He also celebrates how progress on the single market has increased Europe’s “soft power”. Some 110 countries have adopted the European style IFRS, leaving the US accounting system somewhat isolated. Europe’s voice is perhaps the strongest in the G20 process on financial reform. In the words of President Barroso, “the EU has provided much of the.… political impetus and substantive thinking”.

These single market achievements have taken several years. But Bishop argues that the real leap forward is happening now, as a consequence of the sovereign debt crisis. At one point the core relationship in the euro-zone, that between Germany and France, seemed to be very publicly fraying. But having stared into the abyss, there seems to be the political will to “lead to a deepening of the relationship that would run well beyond France and Germany, and include all members of the euro-zone”.

At the peak of the crisis in May 2010, the EU heads of government pledged all “necessary reforms to complement the existing framework to ensure fiscal sustainability in the euro area”. The EU realised it had “to reshape some of its financial regulations to reflect the imminent victory of the real world bond market vigilantes”.

Bishop contends that a crucial shift took place last September, when “macro-economic surveillance was added to the stability and growth pact”. It constitutes “a huge step towards a more collective form of economic governance”, where ‘examination’ by the commission “will flow into every aspect of a state’s economic life if imbalances begin to appear”.

And imbalances will appear. The different states of the US issue debt in their common currency, the dollar, but are punished or rewarded by bond markets according to their fiscal probity. This is where we must get to, but the transition will not be easy. The Germans have indicated their desire to specify a date, 2013, after which purchasers of euro government bonds will have the risk of a haircut in the case of default. This, as Bishop points out, together with the capital requirements for banks demanded by Basel III, will hasten the flight from weak sovereign bonds. Pension funds will surely follow suit, particularly when they have an alternative, safer, bond class - those issued by the new European Financial Stability Fund. This all explains the enormous rush by what Bishop terms “problem countries” to have a primary surplus by 2013, and to rush out as much bond issuance as possible before then.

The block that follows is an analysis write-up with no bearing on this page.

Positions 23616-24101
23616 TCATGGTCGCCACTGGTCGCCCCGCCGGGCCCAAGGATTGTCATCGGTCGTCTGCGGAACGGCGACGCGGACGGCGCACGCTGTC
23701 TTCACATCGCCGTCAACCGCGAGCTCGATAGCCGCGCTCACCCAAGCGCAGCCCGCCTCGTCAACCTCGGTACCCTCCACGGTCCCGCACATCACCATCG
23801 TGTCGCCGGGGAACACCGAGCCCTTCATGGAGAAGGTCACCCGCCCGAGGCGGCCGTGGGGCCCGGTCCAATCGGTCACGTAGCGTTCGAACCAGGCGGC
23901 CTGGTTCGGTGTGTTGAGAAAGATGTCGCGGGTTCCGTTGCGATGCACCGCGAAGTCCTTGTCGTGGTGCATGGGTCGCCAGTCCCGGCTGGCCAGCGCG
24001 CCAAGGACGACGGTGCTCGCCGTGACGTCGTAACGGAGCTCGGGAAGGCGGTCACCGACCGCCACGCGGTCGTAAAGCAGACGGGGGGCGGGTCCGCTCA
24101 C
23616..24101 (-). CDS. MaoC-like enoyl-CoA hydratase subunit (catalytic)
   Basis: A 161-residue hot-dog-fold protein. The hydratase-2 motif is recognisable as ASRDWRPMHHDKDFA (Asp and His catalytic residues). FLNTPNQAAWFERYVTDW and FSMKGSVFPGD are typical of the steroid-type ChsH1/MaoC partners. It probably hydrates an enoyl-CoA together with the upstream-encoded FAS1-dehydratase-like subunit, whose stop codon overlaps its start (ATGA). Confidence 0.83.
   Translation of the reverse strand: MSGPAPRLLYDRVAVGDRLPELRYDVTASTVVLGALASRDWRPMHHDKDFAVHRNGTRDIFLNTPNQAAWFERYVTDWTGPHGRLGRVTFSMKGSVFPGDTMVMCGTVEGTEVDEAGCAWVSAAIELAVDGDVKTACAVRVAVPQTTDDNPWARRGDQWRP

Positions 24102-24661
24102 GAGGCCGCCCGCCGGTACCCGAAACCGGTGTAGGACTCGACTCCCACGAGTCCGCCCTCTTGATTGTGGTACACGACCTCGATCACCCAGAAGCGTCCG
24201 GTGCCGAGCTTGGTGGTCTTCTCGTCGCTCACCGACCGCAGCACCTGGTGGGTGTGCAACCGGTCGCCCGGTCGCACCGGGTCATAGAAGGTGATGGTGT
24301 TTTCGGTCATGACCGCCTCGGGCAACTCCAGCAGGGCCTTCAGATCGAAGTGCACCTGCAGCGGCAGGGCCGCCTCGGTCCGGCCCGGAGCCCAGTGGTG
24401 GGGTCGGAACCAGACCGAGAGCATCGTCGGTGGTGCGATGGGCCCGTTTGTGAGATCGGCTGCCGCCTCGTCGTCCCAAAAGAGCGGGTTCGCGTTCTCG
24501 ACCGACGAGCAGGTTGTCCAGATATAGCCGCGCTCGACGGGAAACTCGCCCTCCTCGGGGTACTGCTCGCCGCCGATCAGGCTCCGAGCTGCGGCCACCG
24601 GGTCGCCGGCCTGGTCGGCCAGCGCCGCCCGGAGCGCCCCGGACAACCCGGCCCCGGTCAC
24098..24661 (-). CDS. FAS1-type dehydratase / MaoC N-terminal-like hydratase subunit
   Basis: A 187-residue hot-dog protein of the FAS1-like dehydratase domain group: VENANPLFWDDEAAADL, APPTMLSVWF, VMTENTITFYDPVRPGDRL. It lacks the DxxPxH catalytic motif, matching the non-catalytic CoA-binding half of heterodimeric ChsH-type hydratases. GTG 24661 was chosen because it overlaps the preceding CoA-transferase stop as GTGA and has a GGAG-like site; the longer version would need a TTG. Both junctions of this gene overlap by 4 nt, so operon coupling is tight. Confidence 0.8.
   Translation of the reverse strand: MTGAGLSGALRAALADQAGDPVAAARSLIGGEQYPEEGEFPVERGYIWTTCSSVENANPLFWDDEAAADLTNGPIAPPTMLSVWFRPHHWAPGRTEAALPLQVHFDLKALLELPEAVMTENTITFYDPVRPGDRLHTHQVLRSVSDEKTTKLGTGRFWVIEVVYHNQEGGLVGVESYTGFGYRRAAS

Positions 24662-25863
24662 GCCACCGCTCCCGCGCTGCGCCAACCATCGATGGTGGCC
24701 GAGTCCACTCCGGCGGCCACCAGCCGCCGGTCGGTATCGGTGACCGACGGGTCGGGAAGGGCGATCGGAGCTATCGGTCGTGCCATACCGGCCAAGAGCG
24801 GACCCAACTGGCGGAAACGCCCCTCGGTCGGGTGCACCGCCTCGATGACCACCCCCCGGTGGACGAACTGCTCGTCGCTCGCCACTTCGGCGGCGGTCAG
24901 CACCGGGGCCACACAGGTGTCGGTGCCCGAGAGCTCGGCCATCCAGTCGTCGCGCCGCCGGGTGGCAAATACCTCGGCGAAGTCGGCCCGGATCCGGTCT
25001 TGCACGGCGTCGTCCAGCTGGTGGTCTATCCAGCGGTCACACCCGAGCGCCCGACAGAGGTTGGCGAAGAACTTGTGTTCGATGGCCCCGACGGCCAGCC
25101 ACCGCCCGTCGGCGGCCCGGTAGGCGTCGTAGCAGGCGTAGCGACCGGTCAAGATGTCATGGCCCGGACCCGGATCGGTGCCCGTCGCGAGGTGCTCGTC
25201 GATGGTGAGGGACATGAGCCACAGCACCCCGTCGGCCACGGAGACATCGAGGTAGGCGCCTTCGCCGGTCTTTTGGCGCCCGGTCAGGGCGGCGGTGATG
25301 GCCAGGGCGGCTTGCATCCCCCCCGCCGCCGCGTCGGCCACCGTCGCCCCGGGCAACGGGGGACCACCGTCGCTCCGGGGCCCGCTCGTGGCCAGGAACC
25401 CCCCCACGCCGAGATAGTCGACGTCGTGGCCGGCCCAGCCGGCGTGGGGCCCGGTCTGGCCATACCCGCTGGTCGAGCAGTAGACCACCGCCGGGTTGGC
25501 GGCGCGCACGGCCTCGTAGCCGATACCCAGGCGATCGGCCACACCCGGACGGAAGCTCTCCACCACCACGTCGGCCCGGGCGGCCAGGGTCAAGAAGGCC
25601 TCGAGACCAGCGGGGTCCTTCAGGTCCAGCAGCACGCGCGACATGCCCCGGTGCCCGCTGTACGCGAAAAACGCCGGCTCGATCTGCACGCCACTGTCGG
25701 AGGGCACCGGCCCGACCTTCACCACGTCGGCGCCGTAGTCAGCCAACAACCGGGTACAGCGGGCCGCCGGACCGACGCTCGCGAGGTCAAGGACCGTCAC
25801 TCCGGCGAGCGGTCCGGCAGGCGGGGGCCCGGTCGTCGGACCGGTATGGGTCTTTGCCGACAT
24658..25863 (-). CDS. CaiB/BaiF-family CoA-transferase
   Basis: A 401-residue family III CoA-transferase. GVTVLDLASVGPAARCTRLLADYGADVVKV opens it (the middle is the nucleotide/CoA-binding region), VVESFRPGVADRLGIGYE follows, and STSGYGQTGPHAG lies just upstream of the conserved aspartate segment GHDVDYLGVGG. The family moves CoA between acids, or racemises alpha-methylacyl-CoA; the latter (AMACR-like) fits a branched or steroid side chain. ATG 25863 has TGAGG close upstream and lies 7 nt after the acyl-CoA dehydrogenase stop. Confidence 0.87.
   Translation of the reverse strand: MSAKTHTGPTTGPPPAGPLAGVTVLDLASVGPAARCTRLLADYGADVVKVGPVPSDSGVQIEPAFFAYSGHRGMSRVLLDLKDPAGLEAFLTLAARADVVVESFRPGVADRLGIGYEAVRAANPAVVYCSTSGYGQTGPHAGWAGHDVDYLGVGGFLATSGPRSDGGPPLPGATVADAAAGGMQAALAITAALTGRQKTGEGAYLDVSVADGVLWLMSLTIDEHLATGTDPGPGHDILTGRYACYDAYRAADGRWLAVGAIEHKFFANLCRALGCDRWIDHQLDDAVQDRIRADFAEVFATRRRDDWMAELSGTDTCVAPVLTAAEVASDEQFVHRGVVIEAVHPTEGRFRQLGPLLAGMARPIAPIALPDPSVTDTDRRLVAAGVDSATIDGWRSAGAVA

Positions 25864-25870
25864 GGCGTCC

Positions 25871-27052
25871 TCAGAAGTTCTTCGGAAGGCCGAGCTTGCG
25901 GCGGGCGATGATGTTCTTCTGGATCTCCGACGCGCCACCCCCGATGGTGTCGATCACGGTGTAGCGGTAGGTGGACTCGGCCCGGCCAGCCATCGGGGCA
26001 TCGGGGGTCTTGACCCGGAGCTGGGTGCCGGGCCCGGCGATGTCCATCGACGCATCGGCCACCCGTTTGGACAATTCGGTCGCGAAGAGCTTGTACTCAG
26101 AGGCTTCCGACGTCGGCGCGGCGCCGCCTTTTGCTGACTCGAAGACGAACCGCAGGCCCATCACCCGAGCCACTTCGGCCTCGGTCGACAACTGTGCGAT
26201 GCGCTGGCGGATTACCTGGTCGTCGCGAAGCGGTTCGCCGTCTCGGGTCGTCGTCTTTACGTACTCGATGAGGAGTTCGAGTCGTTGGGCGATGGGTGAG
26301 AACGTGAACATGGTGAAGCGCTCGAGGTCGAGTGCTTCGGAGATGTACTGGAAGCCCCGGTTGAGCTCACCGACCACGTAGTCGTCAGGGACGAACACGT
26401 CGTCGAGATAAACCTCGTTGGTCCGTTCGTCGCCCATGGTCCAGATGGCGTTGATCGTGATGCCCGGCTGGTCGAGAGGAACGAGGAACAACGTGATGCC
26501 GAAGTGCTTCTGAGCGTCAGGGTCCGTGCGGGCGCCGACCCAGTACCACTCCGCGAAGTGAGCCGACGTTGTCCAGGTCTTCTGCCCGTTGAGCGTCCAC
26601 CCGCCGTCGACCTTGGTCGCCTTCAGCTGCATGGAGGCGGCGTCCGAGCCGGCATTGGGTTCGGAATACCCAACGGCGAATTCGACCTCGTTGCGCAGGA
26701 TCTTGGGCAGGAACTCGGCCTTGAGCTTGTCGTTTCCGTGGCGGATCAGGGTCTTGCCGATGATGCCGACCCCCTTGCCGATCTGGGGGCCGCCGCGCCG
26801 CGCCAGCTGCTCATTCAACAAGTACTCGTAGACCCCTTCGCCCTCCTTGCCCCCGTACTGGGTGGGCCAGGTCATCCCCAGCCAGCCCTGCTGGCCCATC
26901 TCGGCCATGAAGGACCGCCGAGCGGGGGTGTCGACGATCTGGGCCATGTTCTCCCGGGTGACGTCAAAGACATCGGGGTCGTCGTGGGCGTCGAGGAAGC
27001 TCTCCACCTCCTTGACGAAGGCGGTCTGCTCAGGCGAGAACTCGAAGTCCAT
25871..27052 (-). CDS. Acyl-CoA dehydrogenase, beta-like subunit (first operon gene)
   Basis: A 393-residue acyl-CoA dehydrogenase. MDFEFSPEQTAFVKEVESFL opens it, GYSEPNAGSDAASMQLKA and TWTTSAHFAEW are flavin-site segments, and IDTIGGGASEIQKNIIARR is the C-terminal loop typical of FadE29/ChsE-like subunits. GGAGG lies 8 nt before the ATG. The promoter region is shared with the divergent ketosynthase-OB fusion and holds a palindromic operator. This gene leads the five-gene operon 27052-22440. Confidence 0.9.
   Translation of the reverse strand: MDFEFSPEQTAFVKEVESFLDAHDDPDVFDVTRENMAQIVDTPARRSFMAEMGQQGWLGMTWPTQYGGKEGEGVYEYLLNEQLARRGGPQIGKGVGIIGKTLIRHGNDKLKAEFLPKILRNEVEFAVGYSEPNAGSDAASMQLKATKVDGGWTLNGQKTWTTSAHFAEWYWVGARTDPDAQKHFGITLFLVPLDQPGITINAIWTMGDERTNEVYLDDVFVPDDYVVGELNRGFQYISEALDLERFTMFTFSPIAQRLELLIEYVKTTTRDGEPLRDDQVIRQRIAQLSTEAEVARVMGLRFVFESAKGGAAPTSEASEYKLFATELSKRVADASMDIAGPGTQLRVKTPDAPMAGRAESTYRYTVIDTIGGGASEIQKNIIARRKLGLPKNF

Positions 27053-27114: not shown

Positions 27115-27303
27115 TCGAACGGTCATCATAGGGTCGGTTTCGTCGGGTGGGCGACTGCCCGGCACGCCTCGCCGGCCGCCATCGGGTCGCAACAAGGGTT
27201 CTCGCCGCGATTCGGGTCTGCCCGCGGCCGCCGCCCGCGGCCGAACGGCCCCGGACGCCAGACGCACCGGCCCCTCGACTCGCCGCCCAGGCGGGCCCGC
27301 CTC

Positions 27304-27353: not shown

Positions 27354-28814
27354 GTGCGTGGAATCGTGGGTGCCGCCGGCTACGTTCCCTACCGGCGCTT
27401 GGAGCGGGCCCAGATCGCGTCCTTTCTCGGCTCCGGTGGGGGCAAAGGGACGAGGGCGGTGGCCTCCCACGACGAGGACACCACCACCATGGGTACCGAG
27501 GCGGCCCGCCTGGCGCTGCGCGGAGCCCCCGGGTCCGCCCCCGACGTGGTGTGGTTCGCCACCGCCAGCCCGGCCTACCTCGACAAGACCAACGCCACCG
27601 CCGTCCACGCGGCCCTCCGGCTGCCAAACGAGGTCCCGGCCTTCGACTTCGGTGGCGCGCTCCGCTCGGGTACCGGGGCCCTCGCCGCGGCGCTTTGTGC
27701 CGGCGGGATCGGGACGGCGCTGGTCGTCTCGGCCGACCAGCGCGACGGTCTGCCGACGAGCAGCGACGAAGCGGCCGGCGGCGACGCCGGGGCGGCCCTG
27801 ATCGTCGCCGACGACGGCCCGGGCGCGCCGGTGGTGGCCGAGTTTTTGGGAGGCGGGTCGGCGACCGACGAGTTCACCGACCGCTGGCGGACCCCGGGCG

But their efforts will be in vain. Bishop argues that crisis after crisis will unfold as the weaker bond issuers are deserted, justifying further collective European intervention in the economic affairs of individual countries. “At the end of the crisis, Eurozone will have emerged as a political federation - loose in some respects, but with tightly centralised economic governance at its heart. The proven commitment to fiscal probity may even make it attractive relative to alternative investments around the world.”

This is a worthy study, well researched, if at times somewhat opaque. Bishop could do with the assistance of a co-writer if he is hoping to reach a larger audience. But this is an important contribution to the euro debate. Maybe the euro’s supporters will have the last laugh.

Christopher Walker is a writer on current affairs and investment issues and previously was a senior executive in the asset management industry